Power Tel's warehouse loading dock on Broad has doubled as a music stage during Broad Avenue art walks for years. But this spring, its conversion to an amphitheater will be complete, and by fall, the iconic water tower that looms over the stage will see an artistic upgrade as well.
Last year, the Historic Broad Business Association won a $350,000 grant from ArtPlace America for its Water Tower Pavilion project, which is set to open May 10th. That includes the conversion of the loading dock into a shared-space amphitheater that will host music and dance performances at night and on weekends and continue to serve as a loading dock for Power Tel by the weekdays.
That money is also funding the construction of a wide staircase that helps visitors more easily access the stage area, which is 16 feet below the street's grade.
"There's a large observation platform on the stairs, and [artist] Elijah Gold is doing that section out of old bicycle parts to pull in the Hampline," said Historic Broad Business Association vice-president Pat Brown, referencing the two-way bicycle path that will connect Overton Park to the Shelby Farms Greenline via Broad Avenue. Once complete, that path will run past the Water Tower Pavilion. "He's also doing a sculpture at the top of the stairs, also made from old bicycle parts. We are calling it the bike dancer."
Additionally, New York artist Suikang Zhao, who last week won a public contest to redesign the Broad Avenue water tower, will use $65,000 of that grant to install his sculpture on the tower.
Zhao was one of three finalists in a national call to artists organized by the UrbanArt Commission. He and two others presented their ideas for the tower, which ranged from murals to sculpture, at the annual Crosstown Arts MemFEAST event last week. Participants voted on their favorite design, and Zhao's plan to install LED lighting and a perforated metal ribbon around the tower won the most votes.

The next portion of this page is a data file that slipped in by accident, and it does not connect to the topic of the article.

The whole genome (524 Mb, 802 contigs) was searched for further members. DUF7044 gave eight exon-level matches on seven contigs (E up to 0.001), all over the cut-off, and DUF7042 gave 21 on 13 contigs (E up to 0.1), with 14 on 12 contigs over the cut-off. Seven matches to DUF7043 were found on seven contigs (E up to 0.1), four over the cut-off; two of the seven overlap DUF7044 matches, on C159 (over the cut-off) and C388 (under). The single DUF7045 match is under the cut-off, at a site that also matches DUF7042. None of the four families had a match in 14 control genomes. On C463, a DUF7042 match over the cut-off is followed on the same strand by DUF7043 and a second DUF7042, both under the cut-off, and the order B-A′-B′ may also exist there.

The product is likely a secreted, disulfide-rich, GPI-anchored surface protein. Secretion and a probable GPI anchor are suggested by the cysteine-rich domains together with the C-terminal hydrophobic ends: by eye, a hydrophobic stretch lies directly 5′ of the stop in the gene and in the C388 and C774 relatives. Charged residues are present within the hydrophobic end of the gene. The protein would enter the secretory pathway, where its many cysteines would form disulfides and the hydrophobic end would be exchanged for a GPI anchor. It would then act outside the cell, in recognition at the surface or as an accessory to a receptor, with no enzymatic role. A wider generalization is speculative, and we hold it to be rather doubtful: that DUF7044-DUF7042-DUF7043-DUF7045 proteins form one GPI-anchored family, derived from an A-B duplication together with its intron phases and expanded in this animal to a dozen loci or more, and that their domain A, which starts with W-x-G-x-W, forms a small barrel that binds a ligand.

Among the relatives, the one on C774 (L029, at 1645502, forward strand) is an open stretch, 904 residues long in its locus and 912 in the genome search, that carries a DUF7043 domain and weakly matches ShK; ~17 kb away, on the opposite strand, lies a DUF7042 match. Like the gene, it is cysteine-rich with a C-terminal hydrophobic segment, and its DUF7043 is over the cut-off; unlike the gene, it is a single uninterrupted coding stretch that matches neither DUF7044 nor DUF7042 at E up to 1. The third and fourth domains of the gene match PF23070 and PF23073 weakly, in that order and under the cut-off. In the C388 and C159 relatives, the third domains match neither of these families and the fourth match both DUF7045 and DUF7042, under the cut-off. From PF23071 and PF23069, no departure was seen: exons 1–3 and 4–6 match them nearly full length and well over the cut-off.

Zhao said he wants to involve the Broad Avenue community by asking them to suggest words that he can perforate into the metal. Those words will cast shadows onto the tower. He also wants Memphis artists to help him physically construct the sculpture.
"By the finish, they will be able to say, 'I did that.' I think that is the most important thing. It becomes their work, not just my work," Zhao said.
Brown says she hopes Zhao is done with the water tower installation in time for the fall art walk, but the rest of the depot work will be complete in time for "Dance on Broad," seven consecutive Saturdays of dance performances and dance classes on the pavilion stage, from May 10th through June 28th.
The western end of the Hampline, which begins with the new Overton Park bike gate, is under construction now, and Brown says the on-road portion of the bike path project will likely begin in the fall. The Overton Park bike gate, which sculptor Tylur French created using old bike parts, was officially unveiled last weekend.
"Every time you come back to Broad, hopefully something new will be unveiled," Brown said.